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Gottheimer announces new federal investment for Sussex County water infrastructure

Clawed Back $100K to NJ for Repairs to Sussex Borough, Wantage Water Main, New Leak Detection System

SUSSEX BOROUGH, NJ (Sussex County) — U.S. Congressman Josh Gottheimer (NJ-5) Monday joined with local leaders to announce a new $100,000 federal investment clawed back from Washington to Sussex County to help fix critical water infrastructure for our children and families — including repairing older leaking pipes that can cause water contamination.

This new investment will help Sussex Borough acquire an acoustic leak detection system to detect leaks and repair them before they become pipe breaks. It will also help make necessary repairs to the 100-year-old water main. This federal investment will help ensure that families and small businesses in Sussex Borough and Wantage have access to clean water for decades to come.

The investment builds on Gottheimer’s broader Clean Water Action Plan, which includes action taken to help our towns, schools, and water treatment facilities remove dangerous lead and forever chemicals from our children’s drinking water, stop waste dumping in the area, and provide greater transparency to our families about drinking water in our schools. It also builds on the progress Gottheimer has led over recent years for greater transparency and investment to address dangerous lead and forever chemicals in water in North Jersey schools.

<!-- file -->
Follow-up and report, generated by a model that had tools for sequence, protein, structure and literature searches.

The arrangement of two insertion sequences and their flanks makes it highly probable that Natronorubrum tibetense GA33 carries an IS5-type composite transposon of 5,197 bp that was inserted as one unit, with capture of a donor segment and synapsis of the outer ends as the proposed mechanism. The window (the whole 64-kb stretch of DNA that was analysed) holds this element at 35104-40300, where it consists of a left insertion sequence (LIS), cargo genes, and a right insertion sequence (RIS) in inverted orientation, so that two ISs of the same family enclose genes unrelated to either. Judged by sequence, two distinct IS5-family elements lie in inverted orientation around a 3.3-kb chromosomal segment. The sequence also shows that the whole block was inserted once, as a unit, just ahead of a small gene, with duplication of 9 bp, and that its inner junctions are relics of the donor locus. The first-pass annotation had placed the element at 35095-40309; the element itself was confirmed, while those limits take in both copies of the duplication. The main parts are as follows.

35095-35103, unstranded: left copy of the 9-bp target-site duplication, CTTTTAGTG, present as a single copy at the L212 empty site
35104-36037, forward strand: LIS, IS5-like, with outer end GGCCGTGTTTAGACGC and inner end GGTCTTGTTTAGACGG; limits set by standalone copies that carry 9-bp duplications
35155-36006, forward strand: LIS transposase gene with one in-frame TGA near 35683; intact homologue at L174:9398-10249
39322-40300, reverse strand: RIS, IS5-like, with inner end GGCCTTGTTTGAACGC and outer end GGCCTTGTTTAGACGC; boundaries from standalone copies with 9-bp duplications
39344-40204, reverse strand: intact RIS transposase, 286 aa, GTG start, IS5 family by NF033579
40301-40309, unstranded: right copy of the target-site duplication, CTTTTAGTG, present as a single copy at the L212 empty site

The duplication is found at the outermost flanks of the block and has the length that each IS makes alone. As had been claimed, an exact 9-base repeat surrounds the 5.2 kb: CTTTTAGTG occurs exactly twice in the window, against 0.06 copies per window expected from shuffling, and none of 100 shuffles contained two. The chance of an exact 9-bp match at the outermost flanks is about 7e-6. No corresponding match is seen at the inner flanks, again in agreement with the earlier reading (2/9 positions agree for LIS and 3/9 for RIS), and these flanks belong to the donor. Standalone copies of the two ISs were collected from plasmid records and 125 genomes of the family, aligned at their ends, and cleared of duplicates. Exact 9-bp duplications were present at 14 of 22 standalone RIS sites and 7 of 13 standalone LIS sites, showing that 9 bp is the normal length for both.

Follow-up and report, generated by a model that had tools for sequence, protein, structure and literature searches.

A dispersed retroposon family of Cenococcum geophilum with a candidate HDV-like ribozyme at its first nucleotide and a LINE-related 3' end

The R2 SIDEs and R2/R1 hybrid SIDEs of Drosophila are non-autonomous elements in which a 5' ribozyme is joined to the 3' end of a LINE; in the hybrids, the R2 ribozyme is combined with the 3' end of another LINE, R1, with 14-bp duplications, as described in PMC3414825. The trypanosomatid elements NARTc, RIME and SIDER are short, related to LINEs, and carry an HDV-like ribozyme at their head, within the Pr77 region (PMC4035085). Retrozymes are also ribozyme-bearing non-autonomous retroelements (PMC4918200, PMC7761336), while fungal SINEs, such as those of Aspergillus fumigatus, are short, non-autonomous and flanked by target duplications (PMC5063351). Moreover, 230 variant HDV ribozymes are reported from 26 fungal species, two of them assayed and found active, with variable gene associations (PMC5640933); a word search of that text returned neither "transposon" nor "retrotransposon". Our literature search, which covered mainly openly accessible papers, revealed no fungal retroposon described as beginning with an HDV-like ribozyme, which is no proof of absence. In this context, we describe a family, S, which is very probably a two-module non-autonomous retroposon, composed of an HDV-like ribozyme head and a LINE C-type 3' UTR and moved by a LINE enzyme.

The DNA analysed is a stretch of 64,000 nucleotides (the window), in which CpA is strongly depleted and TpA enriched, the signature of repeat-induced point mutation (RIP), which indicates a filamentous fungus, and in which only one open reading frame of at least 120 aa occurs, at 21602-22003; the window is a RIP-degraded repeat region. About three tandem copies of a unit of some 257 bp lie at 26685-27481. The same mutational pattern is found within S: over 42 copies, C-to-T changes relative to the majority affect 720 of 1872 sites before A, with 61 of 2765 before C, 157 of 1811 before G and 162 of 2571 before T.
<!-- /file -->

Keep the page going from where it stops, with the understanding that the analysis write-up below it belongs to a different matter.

Leaking pipes and water main breaks present a potential pathway for contaminants and bacteria to enter the drinking water system, putting our families and children at risk. According to the Centers for Disease Control and Prevention, water main breaks can result in serious microbial or chemical contamination because a drop in pressure can lead to non-potable water entering the system. Water main breaks can flood entire neighborhoods, wreak havoc on traffic, cause water shortages, and waste millions of gallons of treated water.

Gottheimer is also working with other towns across the Fifth District, including Park Ridge, Mahwah, and Fair Lawn, to replicate this success and claw back even more of our own tax dollars to help improve their water treatment facilities. The more of our federal tax dollars that we get back to Northern New Jersey, the less pressure on our towns’ budgets and taxpayers.

“For years now, it’s my top priority to get clean drinking water for our children and families and I’ve been fighting in Congress to claw more tax dollars back to Jersey. A critical $100,000 bipartisan federal investment has now been signed into law to help fix older pipes, detect leaks, reduce water contamination, and help prevent pipes impacting Sussex County residents in Wantage and Sussex Borough,” Gottheimer said. “With bipartisan legislation I helped pass and get signed into law, and the $1 billion for water infrastructure I helped secure for Jersey through the Bipartisan Infrastructure Bill, we’re helping get bacteria, contaminants, lead, and forever chemicals out of our drinking water. I’m also working with other towns across the Fifth District, including Park Ridge, Mahwah, and Fair Lawn, to replicate this success and claw back even more of our own tax dollars to help improve their water treatment facilities. The more of our federal tax dollars that we get back to Northern New Jersey, the less our towns have to charge in local taxes — and I’m all about lowering taxes.”